You shrug off the first time a co-worker says you ought to wear more makeup, wear more feminine clothing, smile more.
But the comments keep coming, even after telling your colleague the remarks are out of line. You’ve gone from rolling your eyes to being irritated.
This is sexual harassment–which is severe or pervasive behavior that the recipient finds uncomfortable or offensive. In some cases, sexual harassment can be a criminal act.
Rather than focus on the definition, think about how the comments make you feel, said Michelle Wescott, chief development officer of Gillespie Associates, which conducts training in preventing sexual harassment.
“It’s getting to you,” she said. “That’s a feeling you shouldn’t feel at work. You shouldn’t have that niggling doubt in the back of your brain when you’re putting on your comfortable clothes of what (someone is) going to say.”
You should notify human resources or anyone who is a manager and therefore required to take a report. In the past year, New York has started a program that clearly states the responsibilities of employers to prevent sexual harassment and the rights of workers when it persists.
Combating Sexual Harassment in the Workplace requires every employer–regardless of size–to institute a sexual harassment prevention policy. The state provides a detailed model, but it allows employers to set up their own policy as long as it meets minimum standards. The website for Combating Sexual Harassment in the Workplace has information for employers and workers, including resources for workers who think they’ve been subjected to harassment.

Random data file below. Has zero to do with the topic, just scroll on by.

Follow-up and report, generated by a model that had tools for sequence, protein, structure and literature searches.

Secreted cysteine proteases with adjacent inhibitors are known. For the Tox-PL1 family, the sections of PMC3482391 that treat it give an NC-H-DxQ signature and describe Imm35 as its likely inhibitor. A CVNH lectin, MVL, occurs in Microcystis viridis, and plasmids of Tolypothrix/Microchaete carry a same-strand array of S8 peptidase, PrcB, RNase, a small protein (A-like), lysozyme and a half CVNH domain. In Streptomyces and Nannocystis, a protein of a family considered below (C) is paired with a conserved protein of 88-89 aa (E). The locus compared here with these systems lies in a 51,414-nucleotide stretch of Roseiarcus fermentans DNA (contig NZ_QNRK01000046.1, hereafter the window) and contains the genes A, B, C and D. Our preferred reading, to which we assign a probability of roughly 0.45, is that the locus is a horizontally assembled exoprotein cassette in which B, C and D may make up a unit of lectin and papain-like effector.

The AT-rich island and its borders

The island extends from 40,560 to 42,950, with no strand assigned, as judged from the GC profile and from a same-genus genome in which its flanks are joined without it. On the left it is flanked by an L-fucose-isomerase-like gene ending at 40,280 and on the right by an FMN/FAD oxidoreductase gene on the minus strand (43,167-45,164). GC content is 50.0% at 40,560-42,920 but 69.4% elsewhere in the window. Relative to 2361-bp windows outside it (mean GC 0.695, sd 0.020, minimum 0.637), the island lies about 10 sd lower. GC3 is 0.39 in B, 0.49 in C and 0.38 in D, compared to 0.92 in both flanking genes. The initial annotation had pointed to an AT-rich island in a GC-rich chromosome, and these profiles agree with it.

The program began last year. Employers have until Oct. 9 to train all employees, whether the business uses the state’s model or its own.
“It’s shocking how many people I talk to every day who do not know this is required,” said Westcott, whose company provides training and employee development. Small companies in particular may be unaware if their leadership is not part of human resource or other organizations that disseminate news about workplace practices.
The state is encouraging employers to keep signed acknowledgements by employees that they have read the policy and the business should keep copies of training records, but it’s not required. Wescott said that to her knowledge, the state was not checking to see whether companies instituted sexual harassment prevention policies.
However, companies that fail to comply will find they lack a strong defense if an employee brings a sexual harassment suit.
The law will force companies to look at what kind of behavior their culture promotes, said Meaghan de Chateauvieux, president and chief executive officer of Willow Domestic Violence Center.